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Interview: May 9, 2003

May 9, 2003

In this special interview with's Suspense/Thriller team (Carol Fitzgerald, Joe Hartlaub, and Wiley Saichek), D. W. Buffa discusses his latest Joseph Antonelli novel STAR WITNESS, Hollywood, the role that secondary characters play in his fiction and what readers can expect in future books.

BRC: One of the most noteworthy elements of STAR WITNESS is its timelessness. Although the story takes place in the Hollywood of "right now," the story could have easily have been set in the 1950s. I have the feeling that someone reading it 30 years from now will find it to be contemporary as well. Did you deliberately attempt to eliminate contemporary references and focus on those elements of Hollywood, and the film industry that have never changed, and probably never will?

D. W. Buffa: There is a certain timelessness about movies. At the beginning of chapter five of STAR WITNESS a former silent screen star dies in a fire, perhaps started by his own cigarette, while he watches one of his own movies made at least twenty years before. A photograph captures a moment; but a motion picture captures everything anyone does on screen and keeps it there, ready to be watched, forever. It seemed to me that all of the rapid changes, all the differences of taste, all the changing faces of celebrity, were just the surface of things, and that underneath it was a hunger for immortality. It is the ephemeral nature of celebrity, the fear that you only have a brief moment to become someone no one will forget, that is the reason for the kind of melancholy that you can almost feel in the air. So, yes, I tried to write something that would capture the essence of it, something that, like the movies, would also last.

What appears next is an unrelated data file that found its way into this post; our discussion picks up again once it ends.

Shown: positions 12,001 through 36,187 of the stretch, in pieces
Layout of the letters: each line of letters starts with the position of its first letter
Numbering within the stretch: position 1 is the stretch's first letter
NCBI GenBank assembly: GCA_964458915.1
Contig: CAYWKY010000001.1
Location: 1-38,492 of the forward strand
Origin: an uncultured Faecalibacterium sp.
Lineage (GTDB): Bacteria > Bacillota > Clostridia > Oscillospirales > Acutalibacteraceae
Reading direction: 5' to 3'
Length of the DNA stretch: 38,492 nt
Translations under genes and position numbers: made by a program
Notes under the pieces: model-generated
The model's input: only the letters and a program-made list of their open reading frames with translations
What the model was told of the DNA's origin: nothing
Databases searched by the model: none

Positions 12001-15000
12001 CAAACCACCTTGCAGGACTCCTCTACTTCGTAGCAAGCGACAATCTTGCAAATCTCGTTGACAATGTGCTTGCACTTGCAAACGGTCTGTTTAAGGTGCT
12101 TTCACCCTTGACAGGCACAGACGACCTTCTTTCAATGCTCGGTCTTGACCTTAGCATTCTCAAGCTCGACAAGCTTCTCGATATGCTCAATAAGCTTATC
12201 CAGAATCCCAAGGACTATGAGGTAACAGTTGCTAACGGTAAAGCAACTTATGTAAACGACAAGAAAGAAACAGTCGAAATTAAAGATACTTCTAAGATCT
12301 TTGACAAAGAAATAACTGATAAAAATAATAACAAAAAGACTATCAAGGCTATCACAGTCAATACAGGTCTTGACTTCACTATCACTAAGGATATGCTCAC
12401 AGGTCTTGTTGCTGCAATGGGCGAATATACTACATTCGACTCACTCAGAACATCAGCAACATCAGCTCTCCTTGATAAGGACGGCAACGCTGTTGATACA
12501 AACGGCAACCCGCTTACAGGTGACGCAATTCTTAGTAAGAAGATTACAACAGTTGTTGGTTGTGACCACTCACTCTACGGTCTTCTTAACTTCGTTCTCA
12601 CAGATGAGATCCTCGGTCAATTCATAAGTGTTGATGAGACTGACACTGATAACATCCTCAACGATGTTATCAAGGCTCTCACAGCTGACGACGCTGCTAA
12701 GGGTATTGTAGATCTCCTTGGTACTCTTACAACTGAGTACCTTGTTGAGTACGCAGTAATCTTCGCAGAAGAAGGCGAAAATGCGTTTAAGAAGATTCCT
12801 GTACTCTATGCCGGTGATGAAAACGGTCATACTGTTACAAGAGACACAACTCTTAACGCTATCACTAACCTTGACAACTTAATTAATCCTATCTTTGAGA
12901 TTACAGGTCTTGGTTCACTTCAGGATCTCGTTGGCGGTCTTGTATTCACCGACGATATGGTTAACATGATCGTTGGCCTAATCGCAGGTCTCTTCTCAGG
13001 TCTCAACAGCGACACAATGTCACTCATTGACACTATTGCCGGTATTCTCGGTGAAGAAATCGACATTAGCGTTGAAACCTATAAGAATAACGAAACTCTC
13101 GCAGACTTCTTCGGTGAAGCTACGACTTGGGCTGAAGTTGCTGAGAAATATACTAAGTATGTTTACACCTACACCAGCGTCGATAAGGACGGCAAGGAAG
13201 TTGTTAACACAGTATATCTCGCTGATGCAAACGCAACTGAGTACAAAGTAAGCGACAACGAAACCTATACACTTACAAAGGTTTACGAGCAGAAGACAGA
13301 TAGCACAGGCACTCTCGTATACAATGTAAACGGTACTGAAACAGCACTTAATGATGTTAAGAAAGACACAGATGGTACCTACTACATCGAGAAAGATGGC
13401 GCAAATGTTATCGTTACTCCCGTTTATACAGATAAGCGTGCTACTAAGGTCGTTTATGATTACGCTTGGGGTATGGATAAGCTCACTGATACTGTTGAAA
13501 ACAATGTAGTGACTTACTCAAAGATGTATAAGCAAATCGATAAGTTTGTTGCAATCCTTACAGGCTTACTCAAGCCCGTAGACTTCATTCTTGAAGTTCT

BRC: One unifying element of your novels is your ability to weave philosophical discourses into the pattern of your storyline. G. K. Chesterton did this, to a lesser extent, in his Father Brown mysteries, but you go several steps further. Given the relative abbreviation of modern attention spans, this is a bit of a risk, yet the occasionally lengthy discourses ultimately propel, rather than stall, your narratives. One of your best examples of this is your presentation of a lecture by Professor Paul Erlich in STAR WITNESS, which ultimately serves as a subtle linchpin for the entire novel. Erlich is too good, too real, to have arisen solely out of the imagination. Is there a real-world model for Erlich?

D. W. Buffa: It is precisely the abbreviation of modern attention spans that makes it a risk worth running. And it may not be that much of a risk. There is an audience for something that takes more than a few seconds time, something that shows you things that perhaps you did not know. But I think you have to do it in a way that connects everything to the action of the story. Paul Erlich isn't there because I wanted to let the world see what someone who teaches European intellectual history might say; he's there because he was the first husband of Mary Margaret Flanders and may be able to shed some light on what she was like. That is the action, what keeps the story moving forward. He could have been an actor who never quite made it, a set designer, someone who worked in the industry; instead, he's someone who can put film and literature in a certain perspective, and, because of what he is, add a certain dimension to the kind of person Mary Margaret Flanders must have been.

BRC: Your novels are filled with references to classical works from Plato and Aristotle, to name just a few. Have these "classics" always been a part of your life? On a related note, what philosopher has most influenced your writing?

D. W. Buffa: The truth of it is they are part of everyone's life, whether you have read them or not. They form the basis of the way at least the western world thinks. I think Paul Erlich, the professor in STAR WITNESS, suggested as much. I studied political philosophy in graduate school at the University of Chicago and have never quite stopped. I suppose I have never had quite the good fortune as that character of Jorge Borges' invention who remarked: "I have frequently begun the study of metaphysics but have always been interrupted by happiness." The philosopher who has most influenced my writing? On page 70 of STAR WITNESS Paul Erlich tells his class: "For at least the first third of the twentieth century, anyone who wanted to think seriously, anyone who wanted to write something other people would take seriously, read Nietzsche." I have always been at least a hundred years behind my time.